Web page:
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  • Garden Building
  • Description: Two square oast houses (listed grade II), red brick with grey headers have been added on the eastern end of the mansion, probably in the 19th century. Both retain their cowls above a shared roof and now form covered parking for two cars, area for fuel storage and a modern 5000 litre oil tank. A further storage area and three rooms on first floor level are accessed via a timber, open tread stair.
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  • Stable Block
  • Description: Ten metres to the north of the house is a two storey stone and red brick stable (listed grade ll) now used as accommodation and office space. Built in the 18th to 19th century, with tiled roof and pointed casement windows it is shown in Grimm?s watercolour annotated as `the chapel now a stable?. A path leads from the stable to the farmyard 20 metres beyond and a cobbled courtyard flanked by brick and stone buildings comprising stables with two traditional loose boxes, four stalls, a tack room, coach house and well house with open well.
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  • Garden Building
  • Description: There are also other farm buildings including a granary and Sussex barn.
  • Kitchen Garden
  • Description: The 19th-century (shown on the 1874 Ordnance Survey map) stone and brick walled kitchen garden (around 20 metres x 20 metres) lies to the east of the formal gardens. 20th century additions within the garden include several raised beds, two greenhouses (one containing a grapevine), espaliered fruit trees and garden stores. The remains of cold frames and further planting form an adjoining area outside the walls on the south.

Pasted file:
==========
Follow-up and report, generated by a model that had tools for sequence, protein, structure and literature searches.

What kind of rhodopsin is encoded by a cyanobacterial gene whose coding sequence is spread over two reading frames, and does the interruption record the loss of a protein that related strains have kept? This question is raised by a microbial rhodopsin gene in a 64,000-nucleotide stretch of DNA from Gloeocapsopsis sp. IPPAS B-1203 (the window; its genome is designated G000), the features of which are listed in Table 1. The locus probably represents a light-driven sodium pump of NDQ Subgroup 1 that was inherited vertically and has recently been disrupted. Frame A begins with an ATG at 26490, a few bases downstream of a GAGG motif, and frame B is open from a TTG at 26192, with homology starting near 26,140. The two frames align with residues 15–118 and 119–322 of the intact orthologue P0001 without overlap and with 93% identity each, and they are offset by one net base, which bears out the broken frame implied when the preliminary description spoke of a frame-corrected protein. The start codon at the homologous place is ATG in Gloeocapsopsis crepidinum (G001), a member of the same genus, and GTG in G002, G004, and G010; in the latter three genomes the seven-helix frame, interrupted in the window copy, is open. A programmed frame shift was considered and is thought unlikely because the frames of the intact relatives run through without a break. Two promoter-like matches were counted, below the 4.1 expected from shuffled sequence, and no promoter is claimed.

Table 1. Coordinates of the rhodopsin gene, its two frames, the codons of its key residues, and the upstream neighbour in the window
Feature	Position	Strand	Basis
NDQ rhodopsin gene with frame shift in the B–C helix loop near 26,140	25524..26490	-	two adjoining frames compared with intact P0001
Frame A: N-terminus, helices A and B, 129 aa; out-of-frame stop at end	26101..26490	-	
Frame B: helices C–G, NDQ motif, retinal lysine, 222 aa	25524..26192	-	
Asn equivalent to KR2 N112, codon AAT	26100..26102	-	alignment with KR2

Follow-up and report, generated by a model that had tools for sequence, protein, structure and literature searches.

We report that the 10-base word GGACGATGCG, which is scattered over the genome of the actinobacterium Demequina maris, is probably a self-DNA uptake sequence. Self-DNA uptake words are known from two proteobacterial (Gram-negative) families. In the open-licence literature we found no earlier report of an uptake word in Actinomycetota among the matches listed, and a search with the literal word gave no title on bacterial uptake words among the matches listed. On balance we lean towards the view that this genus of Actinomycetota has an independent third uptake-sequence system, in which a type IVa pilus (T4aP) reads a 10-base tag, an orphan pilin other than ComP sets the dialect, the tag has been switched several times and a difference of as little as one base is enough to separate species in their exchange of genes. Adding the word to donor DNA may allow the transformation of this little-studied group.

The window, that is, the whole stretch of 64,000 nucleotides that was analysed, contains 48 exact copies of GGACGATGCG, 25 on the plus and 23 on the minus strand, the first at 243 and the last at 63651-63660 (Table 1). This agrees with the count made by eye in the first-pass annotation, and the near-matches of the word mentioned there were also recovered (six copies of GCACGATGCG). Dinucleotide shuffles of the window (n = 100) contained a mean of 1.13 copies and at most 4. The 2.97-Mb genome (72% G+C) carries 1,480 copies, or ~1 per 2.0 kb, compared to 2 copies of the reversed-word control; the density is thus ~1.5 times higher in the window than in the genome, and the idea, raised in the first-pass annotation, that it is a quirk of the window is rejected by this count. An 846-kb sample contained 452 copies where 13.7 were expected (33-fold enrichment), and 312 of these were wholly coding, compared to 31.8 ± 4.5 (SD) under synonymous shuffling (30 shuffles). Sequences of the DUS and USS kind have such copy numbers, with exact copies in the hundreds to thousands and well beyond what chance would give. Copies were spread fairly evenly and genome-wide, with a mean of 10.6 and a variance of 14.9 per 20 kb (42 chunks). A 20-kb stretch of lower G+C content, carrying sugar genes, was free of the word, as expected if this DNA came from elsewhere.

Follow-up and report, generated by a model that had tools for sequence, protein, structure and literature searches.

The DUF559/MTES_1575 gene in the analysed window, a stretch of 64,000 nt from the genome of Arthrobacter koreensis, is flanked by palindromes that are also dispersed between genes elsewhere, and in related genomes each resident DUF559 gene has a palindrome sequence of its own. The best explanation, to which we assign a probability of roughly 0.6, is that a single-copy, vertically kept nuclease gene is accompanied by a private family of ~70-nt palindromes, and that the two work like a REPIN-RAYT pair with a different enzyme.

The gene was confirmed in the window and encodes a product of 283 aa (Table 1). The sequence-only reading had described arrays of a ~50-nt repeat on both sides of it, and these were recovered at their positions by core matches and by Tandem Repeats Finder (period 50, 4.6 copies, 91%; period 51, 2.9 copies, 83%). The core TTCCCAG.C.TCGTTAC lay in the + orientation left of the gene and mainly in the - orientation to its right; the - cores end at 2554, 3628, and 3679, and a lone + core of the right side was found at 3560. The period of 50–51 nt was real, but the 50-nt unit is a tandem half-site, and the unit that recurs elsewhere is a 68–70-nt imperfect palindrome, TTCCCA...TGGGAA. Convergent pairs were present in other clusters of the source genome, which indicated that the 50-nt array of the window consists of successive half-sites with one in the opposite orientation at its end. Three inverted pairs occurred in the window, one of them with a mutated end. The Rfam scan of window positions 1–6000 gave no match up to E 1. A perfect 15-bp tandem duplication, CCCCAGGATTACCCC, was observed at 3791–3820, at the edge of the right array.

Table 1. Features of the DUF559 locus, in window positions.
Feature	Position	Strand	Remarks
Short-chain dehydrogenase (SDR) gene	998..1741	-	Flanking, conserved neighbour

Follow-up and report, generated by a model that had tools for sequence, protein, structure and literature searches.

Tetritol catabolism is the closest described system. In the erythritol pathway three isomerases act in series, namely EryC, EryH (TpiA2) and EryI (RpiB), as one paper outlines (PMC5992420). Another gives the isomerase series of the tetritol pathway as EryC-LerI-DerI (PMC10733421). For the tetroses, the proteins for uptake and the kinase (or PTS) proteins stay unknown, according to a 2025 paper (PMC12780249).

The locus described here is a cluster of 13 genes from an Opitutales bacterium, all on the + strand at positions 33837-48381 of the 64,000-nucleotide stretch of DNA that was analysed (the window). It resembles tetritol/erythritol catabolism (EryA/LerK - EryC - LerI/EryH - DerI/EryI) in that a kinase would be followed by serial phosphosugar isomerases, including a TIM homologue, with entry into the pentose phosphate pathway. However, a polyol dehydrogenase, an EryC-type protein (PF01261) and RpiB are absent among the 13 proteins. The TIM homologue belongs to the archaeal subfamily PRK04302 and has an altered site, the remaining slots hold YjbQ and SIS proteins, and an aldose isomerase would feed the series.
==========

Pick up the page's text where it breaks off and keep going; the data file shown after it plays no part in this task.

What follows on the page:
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  • Planting
  • Description: The gardens on the south and west of the house comprise a series of formal compartments divided by mellow red brick wisteria clad walls or clipped yew hedges and contained by the bastioned and turreted walls of the demolished 18th-century mansion.
  • Gate Piers
  • Description: The entrance is through imposing brick gate piers.
  • Gate Lodge
  • Description: Gothic revival gate lodge constructed in brick with a tiled roof and stone mullioned windows.
  • Drive
  • Description: Gravelled drive.
  • Tree Feature
  • Description: Arboretum.
  • Specimen Tree
  • Description: Ancient clipped yew tree.
  • Dry Moat
  • Description: Relic moat arm.
  • Border
  • Description: An assortment of mature clipped yew trees (probably 19th-century) offset by lavender bushes and standard roses border the two east-west York stone paths in the topiary garden.
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  • Ornamental Pond
  • Description: A rectangular stone lily pond with circular stone insets forming its curved ends.
  • Planting
  • Description: The topiary garden is enclosed by low yew hedges clipped into round shapes, a grass path on the south giving access to viewing points in the bastion wall.
  • Tower
  • Description: Two storey, octagonal, castellated watchtower incorporated into the garden design in the 19th century but now (2004) in a poor state of repair.
  • Tower
  • Description: There is a second turret dated 1880 with a timber flag pole at the western end of the wall
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  • Outdoor Swimming Pool